The first haircut in China!
Barbering

The first haircut in China!

Chinese First Haircut:
Have you ever been to a ‘Full Moon Party’? It sounds intriguing and must certainly involve fun… But, no, it does not involve Halloween, and it certainly does not entail wolves or any howling at the moon!  In China, when a baby is born, after a full month has passed, or a ‘full moon’, it is time to celebrate and a ‘Full Moon Party’ marks this occasion. It is a celebration of the baby’s birth, survival and of course, must involve a haircut. 
There is not as much symbolism in this haircut in comparison to other cultures, however, a celebration of new life is never to be underestimated.  There can be elaborate and extravagant ceremonies, where families pay lots of money and make lots of effort to celebrate in style, but the humble celebration held at home is just as significant, with the baby always being the main focus. 
The hair of the baby is usually cut by family, then shaved, and then tied up in red ribbon or string and kept as a keepsake by the family.  Despite the lack of symbolism in respect to the actual haircut, it is still considered to be healthy for the baby to receive the cut, in that it promotes well-being and of course, healthy hair.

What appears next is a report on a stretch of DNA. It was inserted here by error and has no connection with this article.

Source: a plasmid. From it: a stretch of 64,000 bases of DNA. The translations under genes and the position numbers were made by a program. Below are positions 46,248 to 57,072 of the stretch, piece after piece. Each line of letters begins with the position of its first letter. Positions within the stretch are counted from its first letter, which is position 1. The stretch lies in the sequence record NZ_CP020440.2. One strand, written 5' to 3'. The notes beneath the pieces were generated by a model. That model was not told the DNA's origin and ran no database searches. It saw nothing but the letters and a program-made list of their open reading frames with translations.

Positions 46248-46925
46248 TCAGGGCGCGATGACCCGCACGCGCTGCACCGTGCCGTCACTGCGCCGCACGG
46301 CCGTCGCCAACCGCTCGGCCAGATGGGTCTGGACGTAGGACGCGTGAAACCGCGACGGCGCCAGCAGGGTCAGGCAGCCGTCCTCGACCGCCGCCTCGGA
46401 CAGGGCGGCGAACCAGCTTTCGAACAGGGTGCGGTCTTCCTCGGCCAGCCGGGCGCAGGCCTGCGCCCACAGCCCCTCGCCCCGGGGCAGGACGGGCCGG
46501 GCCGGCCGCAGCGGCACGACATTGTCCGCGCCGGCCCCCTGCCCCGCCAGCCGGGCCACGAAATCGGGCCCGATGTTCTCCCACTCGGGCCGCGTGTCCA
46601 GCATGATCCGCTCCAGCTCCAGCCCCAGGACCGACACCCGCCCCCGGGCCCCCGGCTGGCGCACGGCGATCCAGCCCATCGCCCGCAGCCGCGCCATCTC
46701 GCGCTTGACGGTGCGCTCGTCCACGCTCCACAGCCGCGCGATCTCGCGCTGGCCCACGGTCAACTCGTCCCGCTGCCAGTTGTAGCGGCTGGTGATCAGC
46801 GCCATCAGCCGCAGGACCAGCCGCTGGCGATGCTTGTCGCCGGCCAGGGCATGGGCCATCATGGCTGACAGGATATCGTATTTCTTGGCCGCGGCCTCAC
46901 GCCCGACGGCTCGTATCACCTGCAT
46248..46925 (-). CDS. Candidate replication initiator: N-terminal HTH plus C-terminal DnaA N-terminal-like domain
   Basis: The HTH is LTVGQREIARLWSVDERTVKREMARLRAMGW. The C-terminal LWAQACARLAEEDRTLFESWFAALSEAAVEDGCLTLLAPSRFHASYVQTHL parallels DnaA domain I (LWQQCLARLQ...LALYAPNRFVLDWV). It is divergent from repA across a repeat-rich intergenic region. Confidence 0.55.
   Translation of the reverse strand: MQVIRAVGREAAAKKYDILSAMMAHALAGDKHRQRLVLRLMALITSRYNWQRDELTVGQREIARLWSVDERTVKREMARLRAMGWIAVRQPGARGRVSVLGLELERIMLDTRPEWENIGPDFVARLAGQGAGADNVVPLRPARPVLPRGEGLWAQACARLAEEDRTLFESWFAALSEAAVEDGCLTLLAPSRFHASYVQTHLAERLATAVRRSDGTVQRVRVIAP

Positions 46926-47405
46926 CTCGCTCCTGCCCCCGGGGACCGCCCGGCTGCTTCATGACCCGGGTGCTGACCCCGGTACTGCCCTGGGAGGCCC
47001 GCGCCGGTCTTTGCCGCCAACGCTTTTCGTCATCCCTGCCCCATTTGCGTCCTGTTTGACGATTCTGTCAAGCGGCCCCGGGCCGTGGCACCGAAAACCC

In more traditional times, families often left a small tuft of hair on the head, though this is a rarely followed custom these days.  The colour red is dominant in Chinese culture, representing good luck and happiness, so it is a natural choice for LOTS of things to be coloured red in Chinese celebrations. Eggs are dyed red, symbolising new life, luck and happiness, and lots of items coloured red are present in the parties, including the baby, usually donning a beautiful bright red garment.  Sadly, this tradition is considered to be dying out, especially with the younger generation of parents, and those that live a Western-influenced lifestyle.  It is often the responsibility of older family members, often Grandmothers, to instigate the full haircut of the baby, with those often opting to simply cut a tuft of hair for a keepsake.